February 18, 2024

What No one Tells You about Grief.

“Grief is really just love. It’s all the love you want to give, but cannot. All that unspent love gathers up in the corners of your eyes, the lump in your throat, and in that hollow part of your chest. Grief is just love with no place to go.” ~ Jamie Anderson


I don’t know what to tell you about grief except that it comes and goes like waves.

One moment everything is stable and quiet and the next minute you’re hit by a tidal wave of flashes, experiences, and memories of all the times you spent together and all the times that could have been but weren’t.

A wave that brings with it all the possibilities that could have been but now will never be because someone who should’ve been a part of your life isn’t there anymore.

The reasons, circumstances, and situations don’t matter. What truly matters is the pain of their absence that hits you like a wrecking ball and breaks you into a thousand pieces and you just lay there watching, waiting, hoping, wishing, and hurting.

Grief is not just sadness. Grief is when your soul is being ripped apart by pain—the pain of all this love that you want and want to give but you can’t. Grief is sadness, anger, helplessness, hurt, anguish, desperation, love, longing, emptiness, memories, and so much more encapsulated into a five-letter word.

Grief is your world falling apart in one moment and flowing out of your body through your tears.

It sucks.

There is nothing good about grief. Or maybe there is—because that’s how you know that you did or could love, that you gave your heart and soul to someone who meant so much to you and your pain is a testament of that. It tells you that you are love.

Even then, it does hurt. A lot. The most pathetic part about grief is that the only thing that can help you to feel good is a hug or some words from the one you’re missing, and that’s something you’ll never get. That’s why grief never ends.

“Some things in life cannot be fixed. They can only be carried.” ~ Megan Devine 

It comes and goes and takes away a part of you with it every time and leaves behind a gigantic void—one that will never be filled. You’ll keep crawling in and out of it in an attempt to fill it, but that will never happen.

Grief is unpredictable. It’ll come unannounced and refuse to leave until you’ve felt every bit of it.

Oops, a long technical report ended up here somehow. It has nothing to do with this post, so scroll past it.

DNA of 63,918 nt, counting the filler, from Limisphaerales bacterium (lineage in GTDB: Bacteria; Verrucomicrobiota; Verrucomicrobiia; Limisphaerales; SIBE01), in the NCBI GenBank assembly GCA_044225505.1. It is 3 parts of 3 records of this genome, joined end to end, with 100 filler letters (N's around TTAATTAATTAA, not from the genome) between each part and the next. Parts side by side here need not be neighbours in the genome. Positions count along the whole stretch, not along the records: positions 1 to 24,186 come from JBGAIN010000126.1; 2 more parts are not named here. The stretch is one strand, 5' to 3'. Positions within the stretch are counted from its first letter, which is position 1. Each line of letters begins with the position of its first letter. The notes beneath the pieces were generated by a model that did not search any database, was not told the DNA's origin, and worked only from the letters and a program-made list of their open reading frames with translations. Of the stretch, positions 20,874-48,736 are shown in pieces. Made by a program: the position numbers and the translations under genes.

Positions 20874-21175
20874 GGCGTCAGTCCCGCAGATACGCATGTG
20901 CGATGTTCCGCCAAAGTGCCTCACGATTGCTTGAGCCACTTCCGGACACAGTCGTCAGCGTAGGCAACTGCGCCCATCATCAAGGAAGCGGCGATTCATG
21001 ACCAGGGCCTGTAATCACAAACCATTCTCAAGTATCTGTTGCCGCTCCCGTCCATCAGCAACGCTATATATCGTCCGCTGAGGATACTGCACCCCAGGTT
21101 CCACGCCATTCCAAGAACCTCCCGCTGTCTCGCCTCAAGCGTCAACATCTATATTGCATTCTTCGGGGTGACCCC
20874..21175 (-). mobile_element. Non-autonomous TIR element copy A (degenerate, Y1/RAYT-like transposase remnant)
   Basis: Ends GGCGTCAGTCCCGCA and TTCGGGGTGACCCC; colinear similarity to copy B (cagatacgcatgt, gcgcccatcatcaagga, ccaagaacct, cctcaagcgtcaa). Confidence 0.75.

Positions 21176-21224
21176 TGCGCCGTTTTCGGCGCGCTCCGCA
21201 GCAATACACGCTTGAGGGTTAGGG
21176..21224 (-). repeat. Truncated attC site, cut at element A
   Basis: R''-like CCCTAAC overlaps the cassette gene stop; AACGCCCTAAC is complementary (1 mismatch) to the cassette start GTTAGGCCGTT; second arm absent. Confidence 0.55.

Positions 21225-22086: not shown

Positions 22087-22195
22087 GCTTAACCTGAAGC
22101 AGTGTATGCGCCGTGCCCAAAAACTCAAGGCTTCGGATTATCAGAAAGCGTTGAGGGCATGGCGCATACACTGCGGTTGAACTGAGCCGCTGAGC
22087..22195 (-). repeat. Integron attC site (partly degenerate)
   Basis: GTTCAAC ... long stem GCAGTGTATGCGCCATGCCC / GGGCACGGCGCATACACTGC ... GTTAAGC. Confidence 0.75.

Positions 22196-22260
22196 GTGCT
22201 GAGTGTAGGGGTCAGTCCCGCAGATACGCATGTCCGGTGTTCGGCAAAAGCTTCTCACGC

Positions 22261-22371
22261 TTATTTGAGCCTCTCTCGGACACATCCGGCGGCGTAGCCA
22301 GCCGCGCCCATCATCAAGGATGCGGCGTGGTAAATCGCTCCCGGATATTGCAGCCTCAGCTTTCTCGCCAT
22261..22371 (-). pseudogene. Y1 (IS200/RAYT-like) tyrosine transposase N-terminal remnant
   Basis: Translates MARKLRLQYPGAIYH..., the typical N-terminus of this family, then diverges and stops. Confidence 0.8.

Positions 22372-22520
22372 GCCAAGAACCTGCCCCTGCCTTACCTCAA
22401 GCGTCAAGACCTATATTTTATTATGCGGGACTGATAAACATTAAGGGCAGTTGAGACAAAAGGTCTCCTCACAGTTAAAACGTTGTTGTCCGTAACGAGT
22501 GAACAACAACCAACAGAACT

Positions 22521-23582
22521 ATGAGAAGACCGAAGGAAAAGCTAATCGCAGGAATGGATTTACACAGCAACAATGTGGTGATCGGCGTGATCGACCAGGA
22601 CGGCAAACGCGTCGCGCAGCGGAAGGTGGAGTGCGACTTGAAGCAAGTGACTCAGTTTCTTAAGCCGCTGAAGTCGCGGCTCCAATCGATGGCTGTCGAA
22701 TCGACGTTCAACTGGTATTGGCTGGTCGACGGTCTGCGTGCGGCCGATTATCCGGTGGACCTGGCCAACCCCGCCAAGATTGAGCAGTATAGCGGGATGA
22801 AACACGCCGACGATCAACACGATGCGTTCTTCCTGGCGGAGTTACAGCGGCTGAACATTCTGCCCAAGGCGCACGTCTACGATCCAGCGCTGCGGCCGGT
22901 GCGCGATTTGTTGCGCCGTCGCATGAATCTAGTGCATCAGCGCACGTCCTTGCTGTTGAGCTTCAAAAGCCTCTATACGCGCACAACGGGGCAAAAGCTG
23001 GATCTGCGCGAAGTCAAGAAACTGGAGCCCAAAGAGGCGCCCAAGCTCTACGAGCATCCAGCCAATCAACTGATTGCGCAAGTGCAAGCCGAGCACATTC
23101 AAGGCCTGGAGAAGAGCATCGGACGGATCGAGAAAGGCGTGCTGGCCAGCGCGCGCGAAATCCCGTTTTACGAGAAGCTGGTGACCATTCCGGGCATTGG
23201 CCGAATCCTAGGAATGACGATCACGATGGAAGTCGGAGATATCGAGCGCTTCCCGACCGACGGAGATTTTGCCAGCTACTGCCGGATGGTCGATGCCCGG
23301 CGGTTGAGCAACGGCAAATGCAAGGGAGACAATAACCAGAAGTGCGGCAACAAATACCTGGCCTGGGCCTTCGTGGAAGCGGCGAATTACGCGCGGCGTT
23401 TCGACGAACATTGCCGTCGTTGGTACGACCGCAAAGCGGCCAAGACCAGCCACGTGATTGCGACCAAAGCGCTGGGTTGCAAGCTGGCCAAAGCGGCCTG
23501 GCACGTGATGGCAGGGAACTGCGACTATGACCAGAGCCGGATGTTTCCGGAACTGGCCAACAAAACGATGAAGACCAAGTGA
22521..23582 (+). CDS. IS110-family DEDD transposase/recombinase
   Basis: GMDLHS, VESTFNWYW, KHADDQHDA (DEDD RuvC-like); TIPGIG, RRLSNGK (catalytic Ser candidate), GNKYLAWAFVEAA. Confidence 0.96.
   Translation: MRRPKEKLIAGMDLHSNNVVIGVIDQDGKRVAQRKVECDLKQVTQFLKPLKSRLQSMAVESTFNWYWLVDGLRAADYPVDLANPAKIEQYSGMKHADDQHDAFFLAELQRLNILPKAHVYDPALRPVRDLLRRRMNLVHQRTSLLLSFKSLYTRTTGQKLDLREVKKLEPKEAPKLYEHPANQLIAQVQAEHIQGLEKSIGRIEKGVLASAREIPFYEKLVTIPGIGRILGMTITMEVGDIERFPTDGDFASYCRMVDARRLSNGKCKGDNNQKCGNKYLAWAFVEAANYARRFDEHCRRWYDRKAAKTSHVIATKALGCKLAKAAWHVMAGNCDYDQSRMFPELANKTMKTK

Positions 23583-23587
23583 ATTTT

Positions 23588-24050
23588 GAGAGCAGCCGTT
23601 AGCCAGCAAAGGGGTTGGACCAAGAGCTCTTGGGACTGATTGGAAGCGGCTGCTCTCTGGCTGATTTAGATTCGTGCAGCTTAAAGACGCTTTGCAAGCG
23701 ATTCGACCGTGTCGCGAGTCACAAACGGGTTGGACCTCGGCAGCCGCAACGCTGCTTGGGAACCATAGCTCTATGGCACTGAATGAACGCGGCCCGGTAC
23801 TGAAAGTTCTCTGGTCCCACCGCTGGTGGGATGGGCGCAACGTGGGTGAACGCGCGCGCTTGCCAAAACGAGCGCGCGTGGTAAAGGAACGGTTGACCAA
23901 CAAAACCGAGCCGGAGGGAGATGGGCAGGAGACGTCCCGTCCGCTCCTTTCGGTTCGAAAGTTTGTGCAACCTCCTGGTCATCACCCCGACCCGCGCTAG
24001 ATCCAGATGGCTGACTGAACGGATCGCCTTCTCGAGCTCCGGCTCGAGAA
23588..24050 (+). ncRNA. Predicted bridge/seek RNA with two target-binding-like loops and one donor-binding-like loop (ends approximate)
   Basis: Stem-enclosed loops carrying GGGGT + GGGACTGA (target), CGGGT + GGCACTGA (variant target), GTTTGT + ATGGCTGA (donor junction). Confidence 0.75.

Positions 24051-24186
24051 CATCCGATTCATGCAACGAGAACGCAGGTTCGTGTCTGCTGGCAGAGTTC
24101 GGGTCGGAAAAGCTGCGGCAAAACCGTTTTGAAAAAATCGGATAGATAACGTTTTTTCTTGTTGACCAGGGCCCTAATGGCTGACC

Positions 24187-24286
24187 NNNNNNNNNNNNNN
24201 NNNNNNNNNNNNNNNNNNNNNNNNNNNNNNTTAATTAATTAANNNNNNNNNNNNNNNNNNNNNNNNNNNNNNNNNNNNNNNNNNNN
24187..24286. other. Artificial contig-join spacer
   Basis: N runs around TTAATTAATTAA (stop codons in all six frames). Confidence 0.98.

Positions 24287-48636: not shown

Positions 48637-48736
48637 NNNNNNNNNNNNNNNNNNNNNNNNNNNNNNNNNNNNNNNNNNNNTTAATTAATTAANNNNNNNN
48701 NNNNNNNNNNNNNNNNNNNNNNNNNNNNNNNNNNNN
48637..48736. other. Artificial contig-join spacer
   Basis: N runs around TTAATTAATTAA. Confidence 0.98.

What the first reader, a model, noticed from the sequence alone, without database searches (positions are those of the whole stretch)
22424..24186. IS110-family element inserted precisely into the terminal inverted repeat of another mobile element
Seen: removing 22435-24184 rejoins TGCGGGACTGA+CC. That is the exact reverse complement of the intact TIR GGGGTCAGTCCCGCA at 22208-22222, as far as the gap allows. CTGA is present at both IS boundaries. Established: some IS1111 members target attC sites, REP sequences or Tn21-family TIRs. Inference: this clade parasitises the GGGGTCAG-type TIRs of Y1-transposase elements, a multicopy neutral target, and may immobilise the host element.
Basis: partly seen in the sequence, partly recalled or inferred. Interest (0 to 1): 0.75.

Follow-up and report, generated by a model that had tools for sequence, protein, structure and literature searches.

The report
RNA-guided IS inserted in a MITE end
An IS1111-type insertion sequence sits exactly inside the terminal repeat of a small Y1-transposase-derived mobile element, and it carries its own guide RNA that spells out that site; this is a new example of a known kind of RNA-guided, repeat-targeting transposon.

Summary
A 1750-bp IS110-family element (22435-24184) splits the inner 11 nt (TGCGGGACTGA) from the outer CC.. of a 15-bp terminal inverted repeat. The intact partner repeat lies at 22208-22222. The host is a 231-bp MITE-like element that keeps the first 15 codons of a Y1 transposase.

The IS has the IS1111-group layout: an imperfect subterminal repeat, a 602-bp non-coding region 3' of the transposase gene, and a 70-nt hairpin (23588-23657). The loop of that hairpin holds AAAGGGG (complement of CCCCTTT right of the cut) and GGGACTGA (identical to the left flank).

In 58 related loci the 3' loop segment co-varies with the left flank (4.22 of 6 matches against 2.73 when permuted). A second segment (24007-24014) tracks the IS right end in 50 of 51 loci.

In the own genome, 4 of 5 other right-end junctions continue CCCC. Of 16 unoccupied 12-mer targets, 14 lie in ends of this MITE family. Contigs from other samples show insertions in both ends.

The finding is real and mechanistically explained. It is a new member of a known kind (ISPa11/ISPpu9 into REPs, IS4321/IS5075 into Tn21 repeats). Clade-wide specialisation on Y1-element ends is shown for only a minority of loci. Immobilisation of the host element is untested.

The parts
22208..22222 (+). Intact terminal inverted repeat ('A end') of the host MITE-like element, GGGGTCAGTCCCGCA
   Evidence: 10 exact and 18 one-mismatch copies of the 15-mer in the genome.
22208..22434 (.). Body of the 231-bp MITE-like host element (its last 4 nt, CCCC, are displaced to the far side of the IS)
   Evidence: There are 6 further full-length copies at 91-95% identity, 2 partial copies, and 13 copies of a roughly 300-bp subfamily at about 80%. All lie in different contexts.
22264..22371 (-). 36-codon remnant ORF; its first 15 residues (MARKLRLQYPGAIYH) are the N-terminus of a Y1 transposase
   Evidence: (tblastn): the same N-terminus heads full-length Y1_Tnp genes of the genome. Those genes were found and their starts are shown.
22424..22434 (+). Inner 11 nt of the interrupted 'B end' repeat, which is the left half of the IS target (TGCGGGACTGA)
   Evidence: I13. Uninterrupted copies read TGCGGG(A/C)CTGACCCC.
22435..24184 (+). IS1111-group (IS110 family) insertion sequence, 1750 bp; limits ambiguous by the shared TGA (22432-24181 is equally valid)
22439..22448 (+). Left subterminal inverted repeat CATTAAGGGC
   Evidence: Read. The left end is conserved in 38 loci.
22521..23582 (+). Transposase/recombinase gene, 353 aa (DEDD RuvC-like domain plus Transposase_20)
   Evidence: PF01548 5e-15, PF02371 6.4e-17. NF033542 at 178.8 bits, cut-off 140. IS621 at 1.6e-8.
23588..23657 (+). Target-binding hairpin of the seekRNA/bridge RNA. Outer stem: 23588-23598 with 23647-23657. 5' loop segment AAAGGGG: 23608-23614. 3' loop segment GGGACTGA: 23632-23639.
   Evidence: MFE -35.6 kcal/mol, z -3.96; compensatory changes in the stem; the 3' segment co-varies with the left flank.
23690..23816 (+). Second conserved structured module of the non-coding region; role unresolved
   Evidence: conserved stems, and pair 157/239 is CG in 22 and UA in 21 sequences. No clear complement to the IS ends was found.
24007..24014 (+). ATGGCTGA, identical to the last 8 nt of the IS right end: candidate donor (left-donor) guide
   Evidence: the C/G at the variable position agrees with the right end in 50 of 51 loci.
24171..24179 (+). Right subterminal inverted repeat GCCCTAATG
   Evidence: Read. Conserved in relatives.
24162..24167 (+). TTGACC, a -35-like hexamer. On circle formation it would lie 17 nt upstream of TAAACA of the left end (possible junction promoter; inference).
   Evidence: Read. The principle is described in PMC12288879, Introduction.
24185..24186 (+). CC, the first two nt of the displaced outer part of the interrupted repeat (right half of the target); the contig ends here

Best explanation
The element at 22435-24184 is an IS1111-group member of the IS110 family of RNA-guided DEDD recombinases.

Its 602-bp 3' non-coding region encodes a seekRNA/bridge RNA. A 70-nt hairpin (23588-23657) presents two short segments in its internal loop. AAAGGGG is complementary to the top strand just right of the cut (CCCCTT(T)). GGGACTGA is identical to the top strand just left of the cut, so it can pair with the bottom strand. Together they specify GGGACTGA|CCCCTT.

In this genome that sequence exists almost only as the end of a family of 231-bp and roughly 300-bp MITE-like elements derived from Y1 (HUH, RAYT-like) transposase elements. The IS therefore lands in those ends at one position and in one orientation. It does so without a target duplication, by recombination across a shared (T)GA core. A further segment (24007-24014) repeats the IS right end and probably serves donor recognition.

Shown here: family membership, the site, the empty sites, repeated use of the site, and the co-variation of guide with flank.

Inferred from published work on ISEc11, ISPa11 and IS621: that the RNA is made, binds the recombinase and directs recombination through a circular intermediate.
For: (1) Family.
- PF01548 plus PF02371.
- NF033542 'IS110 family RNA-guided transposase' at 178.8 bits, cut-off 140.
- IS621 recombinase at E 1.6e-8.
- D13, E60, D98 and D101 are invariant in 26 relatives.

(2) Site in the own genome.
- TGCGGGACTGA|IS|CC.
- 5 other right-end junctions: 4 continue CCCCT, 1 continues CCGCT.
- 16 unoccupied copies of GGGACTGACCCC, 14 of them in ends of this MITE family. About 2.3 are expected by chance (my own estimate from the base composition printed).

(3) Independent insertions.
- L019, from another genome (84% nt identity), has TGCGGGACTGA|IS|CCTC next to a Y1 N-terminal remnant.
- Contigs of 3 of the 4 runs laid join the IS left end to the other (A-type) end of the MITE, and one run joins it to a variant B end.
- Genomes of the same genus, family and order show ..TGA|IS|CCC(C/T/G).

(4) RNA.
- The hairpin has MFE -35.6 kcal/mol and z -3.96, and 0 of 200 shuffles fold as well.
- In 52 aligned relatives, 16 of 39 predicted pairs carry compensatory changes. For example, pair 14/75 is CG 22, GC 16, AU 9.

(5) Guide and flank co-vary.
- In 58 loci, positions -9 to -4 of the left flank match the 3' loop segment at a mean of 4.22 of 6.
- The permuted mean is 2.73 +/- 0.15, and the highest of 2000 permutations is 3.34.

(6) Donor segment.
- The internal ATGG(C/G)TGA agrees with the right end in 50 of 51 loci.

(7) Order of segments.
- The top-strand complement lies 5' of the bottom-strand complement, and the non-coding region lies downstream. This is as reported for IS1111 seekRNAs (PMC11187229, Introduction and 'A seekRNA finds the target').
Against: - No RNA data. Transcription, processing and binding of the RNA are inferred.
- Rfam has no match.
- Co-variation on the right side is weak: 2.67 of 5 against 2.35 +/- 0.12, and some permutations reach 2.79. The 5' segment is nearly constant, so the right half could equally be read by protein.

Grief changes you in ways that at times even you don’t understand. It changes the way you look at yourself, life, and relationships. The loss or absence of someone significant in your life impacts you in more ways than you realise.

It has no timeline. Some wounds never heal. Some voids can never be filled. You just learn to live around them.

There’s a weird kind of emptiness that’s always lurking in the background waiting to pounce on you. It just doesn’t make sense. At times, you may also be gripped with intense anger. Sometimes, you will know who you are angry with; at other times, you just don’t know what to do with it. Some days you may find yourself smiling, laughing, and crying while secretly hoping and wishing that the person you’re grieving could walk through the door and be with you. At other times, all you want to do is to be silent.

“There is no grief like the grief that does not speak.” ~ Henry Wadsworth Longfellow

Grief can be funny that way. You want to hold on and let go at the same time, but you can’t. So you continue to hurt.

And even though it hurts, the only way to move past grief is to flow with it. Perhaps the only way to heal from grief and loss is to move with the pain. Acknowledge its presence, allow it to consume you, feel the damn pain, and let it flow out.

That pain that you’re feeling is all the love that has nowhere to go.

Let it flow.

“Grief is like the ocean, it comes on waves ebbing and flowing. Sometimes the water is calm, sometimes it is overwhelming. All we can do is learn how to swim.” ~ Vicki Swenson


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